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Mistrial in Freddie Gray’s death

Reuters | 12/18/2015, 5:01 a.m.
A mistrial was declared Wednesday in the case of a Baltimore police officer charged in the death of Freddie Gray, ...
Mr. Gray

Reuters

BALTIMORE

A mistrial was declared Wednesday in the case of a Baltimore police officer charged in the death of Freddie Gray, a 25-year-old whose death while in police custody sparked riots last April.

Baltimore City Circuit Court Judge Barry Williams dismissed the jury in the involuntary manslaughter trial of Officer William Porter, the first of six officers to be tried in Mr. Gray’s death. The jury deliberated 16 hours but was unable to reach a verdict on any of the charges against the policeman.

Judge Williams said an administrative judge would schedule a new trial.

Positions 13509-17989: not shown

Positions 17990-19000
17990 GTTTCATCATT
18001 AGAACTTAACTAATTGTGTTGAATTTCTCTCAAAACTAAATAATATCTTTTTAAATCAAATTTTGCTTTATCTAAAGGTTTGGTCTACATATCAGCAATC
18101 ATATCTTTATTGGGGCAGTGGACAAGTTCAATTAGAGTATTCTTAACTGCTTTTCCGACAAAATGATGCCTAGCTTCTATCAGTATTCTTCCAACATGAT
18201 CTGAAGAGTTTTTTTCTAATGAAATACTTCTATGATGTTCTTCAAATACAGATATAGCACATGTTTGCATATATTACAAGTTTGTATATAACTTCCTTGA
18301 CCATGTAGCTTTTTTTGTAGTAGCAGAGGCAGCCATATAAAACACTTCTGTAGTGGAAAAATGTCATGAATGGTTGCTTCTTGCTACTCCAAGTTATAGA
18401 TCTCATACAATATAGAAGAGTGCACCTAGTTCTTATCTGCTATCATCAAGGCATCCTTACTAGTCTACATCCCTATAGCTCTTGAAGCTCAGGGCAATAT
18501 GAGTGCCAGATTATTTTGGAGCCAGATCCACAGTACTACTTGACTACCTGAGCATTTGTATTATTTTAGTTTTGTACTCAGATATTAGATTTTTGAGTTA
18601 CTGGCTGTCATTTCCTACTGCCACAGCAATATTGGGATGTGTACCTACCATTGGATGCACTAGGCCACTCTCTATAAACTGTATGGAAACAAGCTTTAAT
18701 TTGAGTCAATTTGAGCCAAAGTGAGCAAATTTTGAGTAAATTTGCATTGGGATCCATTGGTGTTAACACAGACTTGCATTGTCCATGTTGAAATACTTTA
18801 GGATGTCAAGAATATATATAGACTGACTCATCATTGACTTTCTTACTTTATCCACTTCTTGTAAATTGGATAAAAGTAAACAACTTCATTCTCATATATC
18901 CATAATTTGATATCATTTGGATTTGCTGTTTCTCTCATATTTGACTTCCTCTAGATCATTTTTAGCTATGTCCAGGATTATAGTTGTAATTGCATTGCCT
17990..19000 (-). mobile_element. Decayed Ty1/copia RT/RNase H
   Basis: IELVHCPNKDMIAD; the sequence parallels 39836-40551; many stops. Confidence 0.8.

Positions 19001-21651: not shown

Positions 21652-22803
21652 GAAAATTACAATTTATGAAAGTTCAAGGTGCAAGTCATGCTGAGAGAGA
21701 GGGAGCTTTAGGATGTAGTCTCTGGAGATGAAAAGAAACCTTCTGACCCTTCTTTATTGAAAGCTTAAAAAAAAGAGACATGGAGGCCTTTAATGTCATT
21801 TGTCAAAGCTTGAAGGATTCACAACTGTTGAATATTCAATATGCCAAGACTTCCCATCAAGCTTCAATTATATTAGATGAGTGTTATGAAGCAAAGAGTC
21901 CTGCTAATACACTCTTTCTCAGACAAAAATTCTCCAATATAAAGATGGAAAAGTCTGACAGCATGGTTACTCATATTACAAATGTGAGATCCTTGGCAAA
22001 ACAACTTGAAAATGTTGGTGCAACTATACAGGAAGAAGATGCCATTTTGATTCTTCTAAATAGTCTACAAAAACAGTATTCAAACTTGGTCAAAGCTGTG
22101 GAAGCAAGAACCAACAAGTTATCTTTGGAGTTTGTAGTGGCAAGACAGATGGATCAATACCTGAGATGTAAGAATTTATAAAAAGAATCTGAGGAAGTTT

Within minutes of his ruling, a phalanx of uniformed police officers surrounded the courthouse. They pushed back a group of a few dozen protesters and arrested at least two people, one of whom appeared to swing at an officer. Large numbers of police have been stationed around Baltimore over the past few days.

In separate news conferences, Baltimore Mayor Stephanie Rawlings-Blake and attorney Billy Murphy, who represents Mr. Gray’s mother and stepfather, urged residents to remain calm following the ruling. Mr. Murphy said he is confident Officer Porter will be convicted if he is tried a second time. The officer is charged with manslaughter, assault and two other counts in Mr. Gray’s death.

Mr. Gray was arrested April 12 after a foot chase with police. He was bundled into a police transport van while shackled and handcuffed, but was not secured by a seat belt, in violation of department policy. He suffered several injuries to his spine and his larynx was crushed. He died a week later.

The city agreed to pay Mr. Gray’s family $6.4 million in a wrongful death settlement in September.

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